For-profit California HMOs, as a group, spent considerably less of their premium dollars on patient care than their not-for-profit counterparts, according to the California Medical Association's 12th annual report examining health plan expenditures. Among the 38 HMOs studied, eight of the 10 companies with the lowest medical loss ratios in fiscal 2003-04 were for-profit, while all 10 with the highest medical loss ratios were not-for-profit. Among major insurers, not-for-profit Kaiser Permanente ranked the highest, spending 92.8% of its premium revenue on patient care, 3.2% on administrative costs and 3.9% on profits. For-profit Blue Cross of California, a unit of WellPoint, was the lowest-ranked major insurer, devoting 79.9% of premium revenue to healthcare, 12.3% to administrative costs and 7.8% to profits. California Insurance Commissioner John Garamendi approved the $16.4 billion merger of Anthem and WellPoint Health Networks last year after the companies agreed to numerous concessions, including improving Blue Cross' medical loss ratio.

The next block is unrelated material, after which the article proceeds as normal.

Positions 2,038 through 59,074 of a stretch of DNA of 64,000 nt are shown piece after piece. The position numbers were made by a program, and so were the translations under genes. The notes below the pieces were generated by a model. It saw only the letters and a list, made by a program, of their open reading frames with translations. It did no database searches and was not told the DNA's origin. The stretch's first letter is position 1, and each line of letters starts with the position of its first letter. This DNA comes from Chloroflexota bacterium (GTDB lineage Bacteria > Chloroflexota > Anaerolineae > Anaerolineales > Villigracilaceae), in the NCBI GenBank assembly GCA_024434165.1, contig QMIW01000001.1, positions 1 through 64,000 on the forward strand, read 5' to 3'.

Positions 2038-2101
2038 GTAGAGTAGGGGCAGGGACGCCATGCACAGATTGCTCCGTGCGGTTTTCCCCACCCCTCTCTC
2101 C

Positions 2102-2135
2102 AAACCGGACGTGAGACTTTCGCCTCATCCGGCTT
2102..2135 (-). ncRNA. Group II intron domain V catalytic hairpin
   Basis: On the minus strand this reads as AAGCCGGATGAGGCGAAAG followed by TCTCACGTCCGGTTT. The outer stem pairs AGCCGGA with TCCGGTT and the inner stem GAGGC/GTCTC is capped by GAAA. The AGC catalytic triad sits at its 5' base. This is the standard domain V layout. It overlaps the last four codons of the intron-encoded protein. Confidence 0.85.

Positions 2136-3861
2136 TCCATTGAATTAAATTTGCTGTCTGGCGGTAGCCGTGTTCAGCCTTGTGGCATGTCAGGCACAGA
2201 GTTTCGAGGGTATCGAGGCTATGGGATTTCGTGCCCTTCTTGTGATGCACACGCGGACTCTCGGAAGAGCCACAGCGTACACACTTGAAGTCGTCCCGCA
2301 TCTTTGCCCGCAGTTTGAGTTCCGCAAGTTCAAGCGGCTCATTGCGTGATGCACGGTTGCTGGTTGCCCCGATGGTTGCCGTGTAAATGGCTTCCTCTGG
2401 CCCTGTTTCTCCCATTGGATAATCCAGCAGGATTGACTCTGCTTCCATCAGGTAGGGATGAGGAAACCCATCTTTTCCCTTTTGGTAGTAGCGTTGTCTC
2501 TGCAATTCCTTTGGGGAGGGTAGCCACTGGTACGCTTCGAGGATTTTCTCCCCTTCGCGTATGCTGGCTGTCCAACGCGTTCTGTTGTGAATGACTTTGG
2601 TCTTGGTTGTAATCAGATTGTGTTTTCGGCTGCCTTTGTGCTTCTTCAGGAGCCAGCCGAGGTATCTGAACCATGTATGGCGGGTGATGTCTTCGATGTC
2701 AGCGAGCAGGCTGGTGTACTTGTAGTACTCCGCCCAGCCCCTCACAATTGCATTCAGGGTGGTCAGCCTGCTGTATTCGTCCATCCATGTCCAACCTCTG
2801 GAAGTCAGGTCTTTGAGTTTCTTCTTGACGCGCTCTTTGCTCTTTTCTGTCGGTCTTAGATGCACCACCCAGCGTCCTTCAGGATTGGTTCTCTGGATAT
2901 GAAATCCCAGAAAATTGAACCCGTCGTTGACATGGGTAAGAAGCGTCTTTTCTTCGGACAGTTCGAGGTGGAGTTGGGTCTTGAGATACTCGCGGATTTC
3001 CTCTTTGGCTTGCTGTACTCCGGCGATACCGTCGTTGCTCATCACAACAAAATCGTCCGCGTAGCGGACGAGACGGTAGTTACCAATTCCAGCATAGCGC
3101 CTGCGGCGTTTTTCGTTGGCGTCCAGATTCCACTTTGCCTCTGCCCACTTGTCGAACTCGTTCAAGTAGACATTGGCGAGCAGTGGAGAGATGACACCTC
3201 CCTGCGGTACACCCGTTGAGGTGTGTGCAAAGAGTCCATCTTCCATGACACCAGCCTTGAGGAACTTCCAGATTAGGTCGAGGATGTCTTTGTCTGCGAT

Overall, not-for-profit Alameda Alliance for Health, a 94,500-member HMO in Alameda, Calif., ranked the highest among all health plans, spending 99.6% of premium dollars on medical care. Not-for-profit SmartCare Health Plan, a 65,000-member Medicare HMO in Long Beach, Calif., ranked the lowest, with a medical loss ratio of 73.8%, down from 91.8% the previous year. The full report is available here. -- by Laura B. Benko